Broadband Forum specs offer operators more CPE freedom

via Flickr © Gavin St. Ours (CC BY 2.0)

via Flickr © Gavin St. Ours (CC BY 2.0)

  • The Broadband Forum has published new optical network unit (ONU) interoperability specifications
  • The idea is to encourage competition, enhance flexibility and reduce costs
  • Specifications also give operators a new range of choices when creating, activating, and maintaining services associated with ONUs 
  • The specs should increase the number of potential ONU vendors, allowing operators to negotiate better prices
  • The specs will also future-proof operator infrastructure while maintaining the operators’ investment in existing ONU devices

All these years on, and despite so many changes designed ostensibly to foster competition between vendors, most operators still struggle with vendor lock-in issues. That’s why the industry should applaud new specifications from the Broadband Forum that are designed to help operators deploy multiple broadband customer premises equipment (CPE) that can easily hook up to their network optical line termination units (OLTs), the network-based systems that link to multiple CPE units via fibre, instead of taking everything from a single vendor (either because of convenience, cost or because the OLT only works with the same vendor’s CPE units). 

The Broadband Forum, which is renowned for its development of widely deployed industry specifications for the fixed broadband access networking sector, hopes the new specs will further encourage competition in the market for FTTH home gateways/CPE, lower costs, reduce complexity, and enable interoperability between optical network units (ONUs, the CPE devices for fibre-to-the-premises deployments) from different vendors. Operators will, in theory, benefit from quicker and cheaper onboarding of new ONUs from different vendors and more easily migrate and evolve their networks.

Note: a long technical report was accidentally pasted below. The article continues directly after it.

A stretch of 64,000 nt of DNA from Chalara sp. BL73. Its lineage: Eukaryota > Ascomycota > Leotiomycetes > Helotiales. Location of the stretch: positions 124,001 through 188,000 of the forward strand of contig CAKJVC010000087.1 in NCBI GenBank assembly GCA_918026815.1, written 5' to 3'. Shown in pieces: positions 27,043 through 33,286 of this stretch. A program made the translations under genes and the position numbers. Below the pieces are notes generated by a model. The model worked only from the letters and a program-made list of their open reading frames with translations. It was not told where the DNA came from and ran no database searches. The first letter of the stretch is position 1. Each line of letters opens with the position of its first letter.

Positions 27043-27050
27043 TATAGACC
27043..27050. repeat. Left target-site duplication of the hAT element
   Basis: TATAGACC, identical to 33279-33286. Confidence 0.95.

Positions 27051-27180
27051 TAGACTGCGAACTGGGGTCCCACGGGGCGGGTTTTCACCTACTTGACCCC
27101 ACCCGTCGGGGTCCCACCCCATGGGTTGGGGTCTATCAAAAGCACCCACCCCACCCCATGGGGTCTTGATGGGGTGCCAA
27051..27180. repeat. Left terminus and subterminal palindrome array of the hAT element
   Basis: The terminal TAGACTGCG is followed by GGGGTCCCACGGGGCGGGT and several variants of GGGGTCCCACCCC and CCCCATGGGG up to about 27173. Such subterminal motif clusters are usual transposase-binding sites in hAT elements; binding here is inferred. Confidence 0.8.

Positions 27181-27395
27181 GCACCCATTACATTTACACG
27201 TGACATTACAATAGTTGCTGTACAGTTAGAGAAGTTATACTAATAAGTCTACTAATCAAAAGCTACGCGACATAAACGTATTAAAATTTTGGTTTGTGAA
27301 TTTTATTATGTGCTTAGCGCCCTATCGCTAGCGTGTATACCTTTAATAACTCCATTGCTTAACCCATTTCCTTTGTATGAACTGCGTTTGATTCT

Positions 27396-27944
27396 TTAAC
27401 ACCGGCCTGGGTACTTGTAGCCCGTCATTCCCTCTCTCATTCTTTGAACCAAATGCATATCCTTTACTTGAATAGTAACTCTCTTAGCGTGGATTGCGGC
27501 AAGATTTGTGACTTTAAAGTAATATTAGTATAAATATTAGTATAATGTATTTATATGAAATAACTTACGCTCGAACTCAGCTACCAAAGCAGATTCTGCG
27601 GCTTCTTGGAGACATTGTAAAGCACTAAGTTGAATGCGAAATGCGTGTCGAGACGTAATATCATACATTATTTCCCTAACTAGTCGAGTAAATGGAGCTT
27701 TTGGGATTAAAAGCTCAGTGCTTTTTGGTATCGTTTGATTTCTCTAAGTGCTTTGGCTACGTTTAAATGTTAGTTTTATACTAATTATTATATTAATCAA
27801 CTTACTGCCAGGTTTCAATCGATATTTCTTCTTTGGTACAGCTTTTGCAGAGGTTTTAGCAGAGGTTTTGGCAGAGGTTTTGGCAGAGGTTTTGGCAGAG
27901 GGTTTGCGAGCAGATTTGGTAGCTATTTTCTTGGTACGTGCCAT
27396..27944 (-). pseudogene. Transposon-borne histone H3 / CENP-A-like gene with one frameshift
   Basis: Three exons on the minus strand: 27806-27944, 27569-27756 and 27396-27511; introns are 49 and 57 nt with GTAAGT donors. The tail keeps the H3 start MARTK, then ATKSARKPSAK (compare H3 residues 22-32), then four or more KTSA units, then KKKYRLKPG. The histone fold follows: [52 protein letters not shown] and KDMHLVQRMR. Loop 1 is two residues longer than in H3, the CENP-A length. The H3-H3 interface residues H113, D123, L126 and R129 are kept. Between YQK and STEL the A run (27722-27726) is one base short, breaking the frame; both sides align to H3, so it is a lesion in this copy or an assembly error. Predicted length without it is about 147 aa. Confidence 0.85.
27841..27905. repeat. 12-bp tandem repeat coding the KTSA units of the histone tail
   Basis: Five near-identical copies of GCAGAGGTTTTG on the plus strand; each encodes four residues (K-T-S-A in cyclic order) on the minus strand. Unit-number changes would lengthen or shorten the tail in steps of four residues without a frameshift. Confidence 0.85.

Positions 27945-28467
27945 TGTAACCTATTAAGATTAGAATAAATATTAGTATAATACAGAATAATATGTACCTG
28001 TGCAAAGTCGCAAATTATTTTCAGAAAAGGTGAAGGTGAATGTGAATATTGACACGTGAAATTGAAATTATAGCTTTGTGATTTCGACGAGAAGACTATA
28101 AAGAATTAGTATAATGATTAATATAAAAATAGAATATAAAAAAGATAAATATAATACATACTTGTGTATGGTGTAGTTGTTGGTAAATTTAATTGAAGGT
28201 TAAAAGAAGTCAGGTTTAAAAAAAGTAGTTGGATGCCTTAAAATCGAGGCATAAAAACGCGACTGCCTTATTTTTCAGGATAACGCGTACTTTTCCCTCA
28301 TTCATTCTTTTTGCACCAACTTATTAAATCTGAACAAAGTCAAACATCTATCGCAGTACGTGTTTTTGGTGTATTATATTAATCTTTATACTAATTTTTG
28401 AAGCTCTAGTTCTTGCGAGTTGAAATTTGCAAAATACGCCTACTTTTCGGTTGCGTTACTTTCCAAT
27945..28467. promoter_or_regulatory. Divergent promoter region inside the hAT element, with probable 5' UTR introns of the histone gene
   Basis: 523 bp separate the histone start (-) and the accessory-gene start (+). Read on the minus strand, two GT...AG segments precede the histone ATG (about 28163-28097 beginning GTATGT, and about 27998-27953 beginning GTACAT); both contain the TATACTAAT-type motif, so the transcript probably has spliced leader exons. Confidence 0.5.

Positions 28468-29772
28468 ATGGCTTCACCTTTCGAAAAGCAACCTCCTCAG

In its official release about the specifications, the Broadband Forum notes that its TR-451 vOMCI interface specification (virtualised ONU Management and Control Interface) and MR-451 ONU Management using Virtualized OMCI give operators a wide range of new choices when it comes to creating, activating and maintaining services associated with ONUs. 

Hitherto, an ONU’s management cycle was tied to a specific vendor’s OLT but the specification enables operators to de-couple the ONU and OLT from control and management purposes, with the vOMCI being introduced as a solution to centralise operations without relying on each OLT to act as a management entity.

The technical report is as detailed and lengthy as one might expect of a complex technology, but, in essence, it provides the architecture, requirements, and interface specifications for a vOMCI solution that moves the OMCI functionality that is traditionally embedded within OLT network elements into an operator's network. The standard supports various deployment models of the vOMCI solution where functions such as OMCI translation and OLT & ONU management functions of the architecture can be deployed as virtualised network functions and are expected to be used within access domain SDN (software-defined networking) management and control solutions – the Broadband Forum’s CloudCO, for example – or as a standalone process that can be deployed with existing management system solutions.

The vOMCI solution allows operators and service providers more flexibility in how they create, activate and maintain services associated with ONUs, and “enables easier interoperability testing and on-boarding of ONUs within an operator’s ecosystem and cloud-based network,” noted the Forum.

It means that operators’ OLT vendors no longer need to be intimately involved in the rollout of the management services and features provided by the ONU. The TR-451 specifications also increase the number of potential ONU vendors an operator can deploy in its network, allowing operators to negotiate better ONU prices. It also supports various models where virtualised functions can be deployed in the cloud or within existing management system solutions.

Bruno Cornaglia, co-director of the SDN/NFV Work Area at the Broadband Forum commented, “The latest specification can be used in the evolution of the management of ONUs, not as a replacement for the management processes and data models already in use by operators but to future-proof their infrastructure while maintaining their investment in existing ONU devices. Ultimately, ONU management will be more adaptive to changes in operators’ processes and services, as well as less costly to maintain."

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